Ordinary England fans – and the notorious tabloid newspapers – wanted to know more. A Fleet Street agency called me, asking if they could have the story and the picture of Hodgson, circa 1973, playing for Berea Park.
The May Day public holiday became a welter of interviews – on Britain’s Channel4 by Skype, on Sky Sports by telephone, with BBC radio late at night. Everyone wanted to know why Roy had decided to play in South Africa of all places in those dim, distant years of darkness. Though football was the first sport under Apartheid to ignore racial segregation and form the old NPSL, I had to explain that only happened in 1978, a full two years after Roy had left for Sweden.
Channel 4’s Keme Nzerem asked me: “Do you think Roy was right to play in South Africa at that time?” I thought hard. I too had emigrated here as a 9-year-old in 1970. My dad, who made the same choice as Roy, was sitting next to me. He’s lived in Centurion for over 40 years. But I had no choice. An honest answer. Would I have come to a pariah state to play in a racially segregated league in my mid-20s? “No,” I said, “But I don’t think Roy was guilty of racism, he was young and na├»ve. The most you can accuse him of is ignorance. If you’d watched the TV or read a newspaper, you’d have known all about Apartheid.”
They asked if Roy ever tried to bring black lads in to the team. Of course he hadn’t. I told the story of Arthur, a young coloured lad who tried to play with us at Berea Park before being told to scarper. He was better than Noel. I was a bit upset, but nothing happened. In those days, nobody asked questions, nobody tainted the pure white gloss of our sports teams. Black football belonged in the townships.
Searching for the right words, I told the various British interviewers: “Under Apartheid, it was like Germany before the second World War. Nobody asked where the Jews were. They just got on with their lives. It was only when I got to 16 or 17 I realised the black lads loved football too… and things began to change before I left for England in 1985.”
Fired up by this single, controversial chapter in Hodgson’s life – unwittingly exposed by my blog - the question was soon flying across the world to Wembley.
At 4pm on Tuesday, when Hodgson was officially unveiled as England coach, he was asked, much to the chagrin of many conservative football fans: “Why did you go to South Africa under Apartheid?”
It was the question I had raised, put forward by Channel 4. Hodgson, ever the diplomat, handled it with reasonable aplomb. He said: "I was young at the time, and went there purely for football reasons. I was desperate to play football professionally again.
“All the English lads who went out there were anti-apartheid, but there's not much we could have done about it. We all thought it was an evil regime.
“But I think it’s unfair to bring all this up now, after 40 years."
He’s probably right of course. Many others took the same route, cricketers, rugby stars and footballers like George Best and Kevin Keegan all came to South Africa during the FIFA ban and sports boycott.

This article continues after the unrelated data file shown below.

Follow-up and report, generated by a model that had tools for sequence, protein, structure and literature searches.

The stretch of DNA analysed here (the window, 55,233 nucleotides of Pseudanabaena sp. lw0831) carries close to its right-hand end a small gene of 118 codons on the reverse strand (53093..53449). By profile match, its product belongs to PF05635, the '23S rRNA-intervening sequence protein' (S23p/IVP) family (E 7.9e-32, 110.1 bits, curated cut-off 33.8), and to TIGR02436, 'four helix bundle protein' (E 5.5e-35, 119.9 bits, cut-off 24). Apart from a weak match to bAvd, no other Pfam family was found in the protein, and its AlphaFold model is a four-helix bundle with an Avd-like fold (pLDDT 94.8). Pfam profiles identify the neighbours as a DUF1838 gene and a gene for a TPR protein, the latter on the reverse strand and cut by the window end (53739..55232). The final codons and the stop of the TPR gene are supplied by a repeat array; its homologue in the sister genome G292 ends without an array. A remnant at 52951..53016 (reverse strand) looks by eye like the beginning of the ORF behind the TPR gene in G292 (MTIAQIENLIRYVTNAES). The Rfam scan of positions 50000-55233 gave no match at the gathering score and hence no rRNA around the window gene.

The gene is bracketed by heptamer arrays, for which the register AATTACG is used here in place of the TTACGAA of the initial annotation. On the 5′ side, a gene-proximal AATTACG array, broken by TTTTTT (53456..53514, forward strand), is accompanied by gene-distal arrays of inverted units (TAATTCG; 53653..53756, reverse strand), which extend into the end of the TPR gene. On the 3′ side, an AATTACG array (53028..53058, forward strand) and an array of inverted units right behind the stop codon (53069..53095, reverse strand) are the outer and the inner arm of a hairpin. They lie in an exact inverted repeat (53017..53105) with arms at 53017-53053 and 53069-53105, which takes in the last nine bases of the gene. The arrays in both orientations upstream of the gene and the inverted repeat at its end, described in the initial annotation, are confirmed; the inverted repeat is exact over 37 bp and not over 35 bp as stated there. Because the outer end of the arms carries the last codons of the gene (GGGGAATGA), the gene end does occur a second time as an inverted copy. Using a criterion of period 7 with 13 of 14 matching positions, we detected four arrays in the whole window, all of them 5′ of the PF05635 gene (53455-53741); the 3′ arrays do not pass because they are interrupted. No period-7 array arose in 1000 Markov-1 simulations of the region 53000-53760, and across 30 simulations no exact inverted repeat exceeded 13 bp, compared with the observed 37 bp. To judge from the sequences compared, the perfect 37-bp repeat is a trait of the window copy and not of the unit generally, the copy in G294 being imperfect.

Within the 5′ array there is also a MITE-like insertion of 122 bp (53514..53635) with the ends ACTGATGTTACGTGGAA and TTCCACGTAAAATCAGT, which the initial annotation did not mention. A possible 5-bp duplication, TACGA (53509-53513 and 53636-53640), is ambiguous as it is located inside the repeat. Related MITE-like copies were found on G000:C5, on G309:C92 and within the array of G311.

And while many twittered me to say I had caused an unnecessary storm, this was my response: “Two words. Evil regime. With that Hodgson has established his anti-racist credentials. Given the John Terry situation hanging over England, that can’t be a bad thing.”
The compliments and insults continue to flood in to my various inboxes on Twitter, Facebook and email. Ultimately though, the job is done. The truth of Roy Hodgson’s time in Apartheid South Africa – glossed over by most of the online profiles – is out, the questions have been asked, elderly demons exorcised for the oldest manager ever appointed by the FA.
My old mate Mark Gleeson put out a piece on Reuters which appeared everywhere from the Chicago Tribune to the London Guardian while Channel 4 put this out: and I got to mention it on eNews and eTV's Sunrise in my regular Monday slots.
Now all we have to worry about is his ability as an England boss when he takes over after West Brom’s final two Premier League games and names a squad for Euro 2012. Never inspirational with big clubs, but always capable of forging average players in to a cohesive unit, the jury is out. Will he be another Steve McClaren or an inspirational Terry Venables?
The bottom line is, he’s a nice bloke. A superb coach. A thinker. He may not have lit up Pretoria, but 40 years on: good luck Roy. You might need it.

This story first appeared on page 22 of The New Age on Friday... see


The whites-only National Football League (NFL) was the first pro football league in South Africa. It was established in 1959 during the apartheid era, and no black, “coloured” or “Indian” players were allowed to participate. When NFL folded after 18 years in 1977, it was superseded by a non-racial league. In practical terms, a merger happened between NFL (for whites) and NPSL (for blacks), to become the new common NPSL. “Indian” teams and “coloured” teams gradually came on board. South Africa was banned by FIFA in 1961 but a range of foreign stars – including Gordon Banks, Derek Dougan, Bobby Charlton, Mick Channon and former England stars Alan Ball and Johnny Haynes played despite Apartheid sports boycott. So too did former England boss Kevin Keegan. But his time at Cape Town Spurs was never raised during his tenure. The FIFA ban was not lifted until 1993.